Planting Out Aloes

I’ve been revamping much of my garden recently. If you have been following along the past three years you will remember the initial installation and the updates over the years. Because I didn’t really have the time to care for it I had pretty much left it to its own devices. This worked out pretty well and I ended up with a lovely garden of native and mediterranean climate annuals. This style of garden is great because it is basically free (after the initial purchase of plants the first year) and looks great while it is in bloom. The downside is that when it is not in bloom it looks pretty wretched and it is actually pretty high maintenance to care for it over the long term if you want it to look nice.

I wanted a bit of a change so I decided to create a Proteaceae and succulent garden. This type of garden is ideal for my warm, dry, coastal climate. It looks good year round, needs very little water once established (once a month should do the trick), and for the most part is low maintenance (though the succulents will need to be lifted and divided over time and the Proteaceae will probably need replacing now and then. They like to die).

We had almost a week of rainy weather and before the storms started I quickly planted out most of the Proteas. We had a break in the rain today and I planted out some of the larger Aloes.

I’ve been collecting Aloes and other large succulents the past few years but they grow surprisingly fast in containers and need pretty regular potting up. It was time to put them in the ground so they can look their best.

Aloe speciosa (tilt-head Aloe) arrived from Annie’s Annuals in March of 2013 in a tiny four inch pot. (top row, second from the left)

Aloe speciosa in a 4" pot in March 2013

It has grown pretty dramatically the past year and a half and as of this morning resided in a ten inch terra cotta pot. Incidentally, I don’t recommend terra cotta for big Aloes. Very difficult to get them out without damaging them!

Aloe speciosa now ready to be planted in the garden

I bought Aloe marlothii from San Marcos Growers about two years ago in a one gallon pot. Now it is ready to be a dramatic specimen plant in the center of the border.

Aloe marlothii

They both look pretty great planted out. They don’t really need the big watering wells. But since the shrubs, perennials, and grasses do I think it looks better if everything is uniform. It also helps me a bit in not planting things too close together since I have been designing this garden on the fly.

Aloe marlothii and Aloe speciosa planted out in the garden

Aloe wickensii I have had for at least four years. Originally purchased in a four inch pot back when I lived in West Hollywood or maybe even Santa Monica.

Aloe wickensii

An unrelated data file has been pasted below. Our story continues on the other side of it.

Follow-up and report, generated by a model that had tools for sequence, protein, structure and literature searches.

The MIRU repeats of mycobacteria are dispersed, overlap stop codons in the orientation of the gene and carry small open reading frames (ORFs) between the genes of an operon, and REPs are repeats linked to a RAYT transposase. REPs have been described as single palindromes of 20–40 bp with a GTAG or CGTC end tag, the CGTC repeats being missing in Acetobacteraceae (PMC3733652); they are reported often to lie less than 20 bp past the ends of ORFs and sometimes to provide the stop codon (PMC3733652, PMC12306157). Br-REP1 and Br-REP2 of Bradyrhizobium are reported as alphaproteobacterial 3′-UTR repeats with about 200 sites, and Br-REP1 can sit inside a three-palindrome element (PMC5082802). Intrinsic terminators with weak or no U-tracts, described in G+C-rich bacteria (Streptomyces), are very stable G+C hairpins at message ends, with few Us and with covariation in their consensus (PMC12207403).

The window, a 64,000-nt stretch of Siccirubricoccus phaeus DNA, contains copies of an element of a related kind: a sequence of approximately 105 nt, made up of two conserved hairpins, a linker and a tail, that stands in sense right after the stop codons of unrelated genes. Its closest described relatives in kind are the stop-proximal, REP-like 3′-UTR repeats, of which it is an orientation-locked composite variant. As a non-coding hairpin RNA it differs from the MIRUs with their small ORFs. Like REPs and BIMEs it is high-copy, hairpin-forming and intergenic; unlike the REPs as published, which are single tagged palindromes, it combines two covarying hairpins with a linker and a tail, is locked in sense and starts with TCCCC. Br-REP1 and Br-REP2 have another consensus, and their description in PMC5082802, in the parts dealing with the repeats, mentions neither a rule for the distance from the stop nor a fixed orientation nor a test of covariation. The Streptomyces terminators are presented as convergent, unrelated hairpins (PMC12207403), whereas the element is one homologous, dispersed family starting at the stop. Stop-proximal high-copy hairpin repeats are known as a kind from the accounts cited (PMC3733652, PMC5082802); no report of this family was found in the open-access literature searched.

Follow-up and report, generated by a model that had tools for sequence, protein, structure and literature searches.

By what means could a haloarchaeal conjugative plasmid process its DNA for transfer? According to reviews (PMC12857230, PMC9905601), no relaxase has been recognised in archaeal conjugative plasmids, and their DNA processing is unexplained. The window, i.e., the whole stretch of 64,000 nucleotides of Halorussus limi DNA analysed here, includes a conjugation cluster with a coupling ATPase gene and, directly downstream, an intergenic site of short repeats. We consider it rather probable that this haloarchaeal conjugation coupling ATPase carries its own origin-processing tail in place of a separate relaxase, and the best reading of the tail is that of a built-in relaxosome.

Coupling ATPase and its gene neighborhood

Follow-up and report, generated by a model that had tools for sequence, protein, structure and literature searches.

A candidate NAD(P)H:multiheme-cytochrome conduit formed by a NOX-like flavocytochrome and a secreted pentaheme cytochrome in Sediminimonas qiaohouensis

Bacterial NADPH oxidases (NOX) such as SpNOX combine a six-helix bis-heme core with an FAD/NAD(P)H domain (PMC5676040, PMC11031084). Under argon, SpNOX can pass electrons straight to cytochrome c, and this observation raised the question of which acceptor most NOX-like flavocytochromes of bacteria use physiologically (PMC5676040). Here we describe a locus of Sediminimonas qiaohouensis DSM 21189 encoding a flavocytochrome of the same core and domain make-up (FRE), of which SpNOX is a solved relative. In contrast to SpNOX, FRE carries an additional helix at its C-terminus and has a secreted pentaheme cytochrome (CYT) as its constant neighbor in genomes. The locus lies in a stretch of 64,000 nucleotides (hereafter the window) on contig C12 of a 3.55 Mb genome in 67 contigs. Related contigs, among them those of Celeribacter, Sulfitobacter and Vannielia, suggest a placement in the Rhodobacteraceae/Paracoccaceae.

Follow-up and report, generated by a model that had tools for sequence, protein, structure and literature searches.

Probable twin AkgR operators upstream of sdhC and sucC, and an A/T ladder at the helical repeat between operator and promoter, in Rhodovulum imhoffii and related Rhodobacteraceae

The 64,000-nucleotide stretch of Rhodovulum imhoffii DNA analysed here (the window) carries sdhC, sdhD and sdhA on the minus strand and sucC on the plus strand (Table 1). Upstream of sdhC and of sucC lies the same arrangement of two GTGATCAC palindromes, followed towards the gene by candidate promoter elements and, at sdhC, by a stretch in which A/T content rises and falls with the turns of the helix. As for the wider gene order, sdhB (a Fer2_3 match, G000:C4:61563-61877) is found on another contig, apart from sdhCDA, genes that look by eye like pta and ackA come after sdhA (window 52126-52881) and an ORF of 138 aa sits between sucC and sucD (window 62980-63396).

The new gardens are starting to take shape but they are still a work in progress.

View of the garden from the front.

 

 

Thanksgiving Macros

I hope you all had a nice Thanksgiving. I took a few macros of some new Pelargonium and succulent blooms.

Pelargonium cotyledonis

Pelargonium cotyledonis doesn’t really have exceptional blooms but I like the light brush of pink that I didn’t even notice until I downloaded the photos.

Pelargonium cotyledonis

It is grown more for its green leathery foliage and its thick caudex forming stems.

Pelargonium laxum

Pelargonium laxum went dormant for a few months in late summer and early fall but recently leafed out again and started blooming.

Pelargonium acetosum

Most of the species Pelargoniums I bought are pretty simple to care for but Pelargonium acetosum seems a bit trickier. I wasn’t really sure it was going to make it but it seems to have stabilized and even started blooming. Nice big light salmon flowers.

Crassula barklyi blooming

My weird little Crassula barklyi have even weirder flowers. They are sort of sinister the way they burst through the stems almost like parasites bursting out of skin. The plants look like cute little buttons so I wasn’t really expecting this.

Crassula barklyi blooming

They come in pink and white. Creepy.

Lithops optica ssp. rubra

I have mentioned before that of all the mesembs I grow I am awful at growing Lithops. I just can’t seem to keep them alive for very long. So I am somewhat surprised that I have kept these Lithops optica ssp. rubra that I grew from seed alive for several years. I am not doing anything special. I just sort of ignore it. In fact I ignore it so much that I didn’t even realize it had bloomed until the bloom had long since passed and was just a shriveled little lump. Shortly afterward the plant split which is pretty exciting. There is still a pretty good chance I’ll kill it but in the future I will try to pay closer attention so I don’t miss out on any future blooms.